After 30 minutes of plugging and unplugging the tire warmers we were down to a "safe" 414VDC. Once again we attempted to fire up the bike and this time it started. We gathered our gear and headed for the Scrutineers and skated through tech inspection.
The two Czysz bikes started first with our bike following. John ran a smart race and paced the two Czysz bikes planning to pass them towards the end of the race if he had sufficient energy left in the batteries. John reported after the race that although he never exceeded 25% throttle he easily kept pace with the two leaders who were on track to set the first 100mph average lap by electric motorcycles at the TT. We hovered over the lap tops waiting to see the time separation between each bike as it completed the sector. Near the end of the race we saw the two leaders had passed through the segment and we waited to see the separation between our bike. 20 seconds passed and then 30 seconds turned into 40 and we still waited. Something had gone wrong. The leaders crossed the finish line and we waited still no word on John. Then the 3rd place bike , the 4th place, and the fifth place bikes crossed. Still no Johnny B. After a few more minutes we saw a group of Marshall's bike motoring slowly up the side of the course. Johnny was pushing the bike up the last hill to finish the race. After crossing the finish line he collapsed out of breath by the fence.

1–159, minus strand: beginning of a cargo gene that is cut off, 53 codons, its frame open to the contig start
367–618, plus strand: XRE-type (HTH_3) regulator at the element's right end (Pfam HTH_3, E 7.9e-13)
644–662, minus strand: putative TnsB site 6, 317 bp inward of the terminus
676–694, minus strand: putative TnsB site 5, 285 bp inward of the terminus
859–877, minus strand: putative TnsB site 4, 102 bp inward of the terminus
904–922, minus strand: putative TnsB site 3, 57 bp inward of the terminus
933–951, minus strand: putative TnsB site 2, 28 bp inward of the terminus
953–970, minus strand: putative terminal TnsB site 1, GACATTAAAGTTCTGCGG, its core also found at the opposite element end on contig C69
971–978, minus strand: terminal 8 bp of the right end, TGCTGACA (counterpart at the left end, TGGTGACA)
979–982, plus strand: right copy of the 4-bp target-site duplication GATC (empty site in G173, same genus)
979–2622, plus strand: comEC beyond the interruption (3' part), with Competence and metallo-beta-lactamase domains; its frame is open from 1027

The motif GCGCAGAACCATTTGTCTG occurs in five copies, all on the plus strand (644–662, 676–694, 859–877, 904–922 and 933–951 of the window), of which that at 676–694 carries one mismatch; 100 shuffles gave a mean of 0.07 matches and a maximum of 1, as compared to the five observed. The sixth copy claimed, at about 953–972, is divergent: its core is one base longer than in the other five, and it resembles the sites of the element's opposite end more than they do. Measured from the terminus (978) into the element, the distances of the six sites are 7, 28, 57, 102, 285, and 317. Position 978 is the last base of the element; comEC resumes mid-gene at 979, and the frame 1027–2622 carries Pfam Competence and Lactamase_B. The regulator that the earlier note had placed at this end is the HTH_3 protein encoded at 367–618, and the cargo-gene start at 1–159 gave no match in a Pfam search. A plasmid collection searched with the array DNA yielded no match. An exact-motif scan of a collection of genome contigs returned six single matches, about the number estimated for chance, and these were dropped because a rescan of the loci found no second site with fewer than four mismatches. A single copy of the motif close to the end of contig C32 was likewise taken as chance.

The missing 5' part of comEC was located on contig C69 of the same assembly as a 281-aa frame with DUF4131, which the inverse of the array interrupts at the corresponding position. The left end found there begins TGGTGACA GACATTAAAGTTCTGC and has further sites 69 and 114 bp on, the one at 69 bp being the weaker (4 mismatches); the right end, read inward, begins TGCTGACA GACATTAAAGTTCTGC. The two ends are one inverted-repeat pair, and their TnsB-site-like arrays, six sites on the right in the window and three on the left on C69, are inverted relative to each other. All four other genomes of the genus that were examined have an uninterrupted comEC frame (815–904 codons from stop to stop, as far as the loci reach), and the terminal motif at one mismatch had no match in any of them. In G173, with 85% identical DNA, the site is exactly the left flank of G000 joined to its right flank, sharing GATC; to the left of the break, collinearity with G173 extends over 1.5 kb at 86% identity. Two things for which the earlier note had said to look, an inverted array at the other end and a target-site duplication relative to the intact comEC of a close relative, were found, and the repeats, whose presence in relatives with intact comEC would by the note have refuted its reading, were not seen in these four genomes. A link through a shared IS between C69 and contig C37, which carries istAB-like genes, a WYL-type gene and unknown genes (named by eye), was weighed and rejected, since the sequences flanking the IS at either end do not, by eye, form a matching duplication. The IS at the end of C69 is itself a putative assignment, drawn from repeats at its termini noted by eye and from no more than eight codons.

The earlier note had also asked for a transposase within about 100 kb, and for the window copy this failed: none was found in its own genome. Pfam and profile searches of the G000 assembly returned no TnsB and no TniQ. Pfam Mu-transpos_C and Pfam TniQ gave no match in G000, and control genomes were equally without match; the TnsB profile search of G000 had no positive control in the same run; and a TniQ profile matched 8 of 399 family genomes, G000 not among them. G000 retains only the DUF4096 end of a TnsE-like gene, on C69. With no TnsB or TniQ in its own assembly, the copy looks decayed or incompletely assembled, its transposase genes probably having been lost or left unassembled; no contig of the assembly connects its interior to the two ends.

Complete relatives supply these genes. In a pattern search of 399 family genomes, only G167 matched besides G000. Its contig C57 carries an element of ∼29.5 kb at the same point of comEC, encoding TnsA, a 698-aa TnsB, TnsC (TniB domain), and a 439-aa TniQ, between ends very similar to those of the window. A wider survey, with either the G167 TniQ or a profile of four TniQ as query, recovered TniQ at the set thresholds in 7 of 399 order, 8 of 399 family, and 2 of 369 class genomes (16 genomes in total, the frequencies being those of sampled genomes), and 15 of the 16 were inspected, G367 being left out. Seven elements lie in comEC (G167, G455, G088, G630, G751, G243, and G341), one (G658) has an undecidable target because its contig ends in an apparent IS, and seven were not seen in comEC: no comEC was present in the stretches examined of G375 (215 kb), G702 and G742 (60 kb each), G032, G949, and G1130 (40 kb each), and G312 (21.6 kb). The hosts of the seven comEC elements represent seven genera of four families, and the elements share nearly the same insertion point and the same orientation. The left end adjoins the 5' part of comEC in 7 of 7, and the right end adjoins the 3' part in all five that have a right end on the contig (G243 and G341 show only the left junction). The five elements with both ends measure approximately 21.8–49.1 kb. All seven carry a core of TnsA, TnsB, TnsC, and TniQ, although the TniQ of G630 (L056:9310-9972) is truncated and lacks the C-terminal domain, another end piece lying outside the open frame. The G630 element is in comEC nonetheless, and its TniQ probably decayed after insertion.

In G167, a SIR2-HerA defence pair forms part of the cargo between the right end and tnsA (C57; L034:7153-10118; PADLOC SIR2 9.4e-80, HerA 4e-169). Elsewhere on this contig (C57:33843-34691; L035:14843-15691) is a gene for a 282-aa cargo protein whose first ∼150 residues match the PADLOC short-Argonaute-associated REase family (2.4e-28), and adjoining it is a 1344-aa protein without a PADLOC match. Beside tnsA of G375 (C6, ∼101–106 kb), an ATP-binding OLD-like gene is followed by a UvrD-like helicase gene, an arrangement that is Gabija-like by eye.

Although this was not the outcome that we had hoped for John's performance was heroic. We now know what needs to be done to the bikes to win the race and we have 360 days to complete them. The consolation prize was that even though the winning bike followed team orders and drafted the second place bike to maximize his battery his time was only 99.6 mph. We still have the opportunity to be the first bike to break the 100mph average mark next year. On the island we were warmly welcomed. The TT Zero was a true adventure, we are looking forward to redeeming ourselves next year.
2010 TTXGP: Virginia International Raceway
WTVR's Stacy Sacra attended the 2010 TTXGP North America's final race, held at the Virginia International Raceway and produced the following video, which helps give a sense of what electric motorcycle racing is all about.